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Linear and Nonlinear Least Squares Fitting to Data

Linear Least Squares Fits: Specific Heats in H20

This data comes from the NIST WebBook:

E.W. Lemmon, M.O. McLinden and D.G. Friend, "Thermophysical Properties of Fluid Systems"  in NIST Chemistry WebBook, NIST Standard Reference Database Number 69, Eds. W.G. Mallard and P.J. Linstrom, November 1998, National Institute of Standards and Technology, Gaithersburg MD, 20899 (http://webbook.nist.gov).

We have placed the information in the file h2odata.dat. First read it into the variable H2OData. (If the file h2odata.dat is not placed in a directory that is contained in Mathematica's $Path variable, you can make it available by executing the function [Graphics:Images/datafitting_gr_2.gif] where path is the path to the needed directory.)


The first line in h2odata.dat contains information on the data that is contained in each column (there are 11 columns of data):

[Graphics:Images/datafitting_gr_5.gif] [Graphics:Images/datafitting_gr_6.gif]
1 Temperature(K)
2 Pressure(atm)
3 Density(mol/l)
4 Volume(l/mol)
5 InternalEnergy(kJ/mol)
6 Enthalpy(kJ/mol)
7 Entropy(J/mol*K)
8 Cv(J/mol*K)
9 Cp(J/mol*K)
10 SoundSpeed(m/s)
11 Phase


Now remove the first (header) line to redefine H2OData.


Create a variable [Graphics:Images/datafitting_gr_8.gif] by extracting the specific heat at constant volume versus temperature (this command extracts columns 1 and 8 from H2OData to create a list of [Graphics:Images/datafitting_gr_9.gif] data points).


Create another variable, [Graphics:Images/datafitting_gr_12.gif], by extracting the specific heat at constant pressure versus temperature.


Now make plots of both data sets.







Here they are together in one plot.



Now use Fit to find a least squares fit of the [Graphics:Images/datafitting_gr_21.gif] data to a cubic polynomial of the form [Graphics:Images/datafitting_gr_22.gif].  We also compute a quadratic fit for comparison.

Here are the fits.


Now plot all three fits together. The plot is suppressed through the [Graphics:Images/datafitting_gr_27.gif] option, but we give it the name fitPlotCv so that we can use it below.


Now show these three plots along with the data.




Now let's do the same procedure with the [Graphics:Images/datafitting_gr_31.gif] data.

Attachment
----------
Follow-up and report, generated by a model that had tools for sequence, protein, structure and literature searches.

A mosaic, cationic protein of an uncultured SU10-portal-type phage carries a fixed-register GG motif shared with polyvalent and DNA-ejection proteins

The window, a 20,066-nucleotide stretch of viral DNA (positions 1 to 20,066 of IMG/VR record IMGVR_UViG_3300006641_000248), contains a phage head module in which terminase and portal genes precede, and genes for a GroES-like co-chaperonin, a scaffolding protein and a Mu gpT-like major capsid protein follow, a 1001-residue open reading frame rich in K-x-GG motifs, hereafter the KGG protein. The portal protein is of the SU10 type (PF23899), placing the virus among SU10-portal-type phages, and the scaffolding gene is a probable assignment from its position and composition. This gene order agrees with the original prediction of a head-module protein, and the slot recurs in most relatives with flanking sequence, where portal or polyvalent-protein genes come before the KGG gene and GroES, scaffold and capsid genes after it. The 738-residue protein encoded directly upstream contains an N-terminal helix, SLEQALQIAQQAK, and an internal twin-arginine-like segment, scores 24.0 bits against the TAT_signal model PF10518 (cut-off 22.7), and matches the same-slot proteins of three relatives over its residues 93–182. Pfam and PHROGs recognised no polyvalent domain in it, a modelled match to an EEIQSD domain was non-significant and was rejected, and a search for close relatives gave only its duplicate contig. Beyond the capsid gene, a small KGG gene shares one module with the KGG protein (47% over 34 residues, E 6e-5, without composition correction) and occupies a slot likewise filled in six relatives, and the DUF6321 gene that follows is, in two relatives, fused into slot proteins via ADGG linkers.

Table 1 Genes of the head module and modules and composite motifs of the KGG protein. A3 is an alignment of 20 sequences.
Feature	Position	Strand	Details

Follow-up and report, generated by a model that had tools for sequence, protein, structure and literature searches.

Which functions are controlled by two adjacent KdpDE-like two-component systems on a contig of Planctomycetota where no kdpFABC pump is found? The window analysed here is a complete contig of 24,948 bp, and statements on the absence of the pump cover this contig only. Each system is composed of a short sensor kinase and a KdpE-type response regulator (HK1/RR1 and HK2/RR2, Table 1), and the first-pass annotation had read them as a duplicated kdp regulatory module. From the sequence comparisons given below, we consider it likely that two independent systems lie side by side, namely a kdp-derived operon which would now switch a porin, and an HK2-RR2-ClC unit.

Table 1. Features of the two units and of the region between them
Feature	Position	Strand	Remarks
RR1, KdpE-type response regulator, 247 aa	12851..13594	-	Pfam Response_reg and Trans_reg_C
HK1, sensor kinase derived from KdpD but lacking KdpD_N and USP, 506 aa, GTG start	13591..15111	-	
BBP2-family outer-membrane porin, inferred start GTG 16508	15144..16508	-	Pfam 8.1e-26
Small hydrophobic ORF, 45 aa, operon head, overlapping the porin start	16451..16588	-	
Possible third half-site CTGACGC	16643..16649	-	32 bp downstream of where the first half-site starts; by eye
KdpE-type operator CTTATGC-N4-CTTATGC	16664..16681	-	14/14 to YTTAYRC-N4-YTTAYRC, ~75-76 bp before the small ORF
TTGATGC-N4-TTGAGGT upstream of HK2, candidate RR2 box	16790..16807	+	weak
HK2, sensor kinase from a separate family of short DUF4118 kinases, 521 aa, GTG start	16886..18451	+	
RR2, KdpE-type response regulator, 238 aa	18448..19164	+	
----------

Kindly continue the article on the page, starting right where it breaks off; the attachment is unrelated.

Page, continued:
The standard add-on package Statistics`LinearRegression` extends the functionality of Fit by allowing access to a great deal of detail about the statistical properties of the resulting fit.

This loads the package


Here is an example.


Here is a list of the estimated variances for linear, quadratic, and cubic fits. First the [Graphics:Images/datafitting_gr_42.gif] data:


Now the [Graphics:Images/datafitting_gr_45.gif] data:


Nonlinear Fits: Fitting to a Gaussian Function

Generate Some Artificial Data

We will first create a data set based on normally distributed random numbers. The standard add-on package Statistics`NormalDistribution` extends the built in function Random[] so that it can generate normally distributed random numbers. The standard add-on package Statistics`ContinuousDistributions` generalizes Random[] to a large variety of other probability distributions (if you load Statistics`ContinuousDistributions`, then Statistics`NormalDistribution` is automatically loaded as well).  

First load the package (we also load the standard add-on package Statistics`DataManipulation` to enable the BinCounts function that allows us to easily bin the data that we will generate).


Here is the symbolic expression for the normal probability density function.


Now generate 1000 random normally distributed numbers with a mean of [Graphics:Images/datafitting_gr_51.gif] and a standard deviation of [Graphics:Images/datafitting_gr_52.gif].


Now bin the data using BinCounts. The result is normalized to a total probability of one, and the amount in each bin is associated with the value of the bin's center point.


Analysis of Gaussian Data

Here is the plot of the data that we generated above along with the normal curve that it was based upon.




If we did not know that this data had come from a normal distribution but nonetheless wished to fit it to a parameterized Gaussian function, we could make use of the nonlinear fitting functions provided by the standard add-on package Statistics`NonlinearFit` (which, among other methods, implements the Levenberg-Marquardt method). First we load the package.


Now we use NonlinearFit, guessing starting values for the parameters based on the graph above.


Here is the fit function graphically compared to the data and the original Gaussian function.




While NonlinearFit returns the parameterized fitting function, NonlinearRegress returns a list of rules that specify, in addition to the fitting parameters, a variety of statistical quantities associated with the fit. (There is much more information that can be returned from NonlinearRegress [Graphics:Images/datafitting_gr_62.gif] through the RegressionReport option [Graphics:Images/datafitting_gr_63.gif] in addition to the set shown here: see the documentation for Statistics`NonlinearFit` for more detail.)


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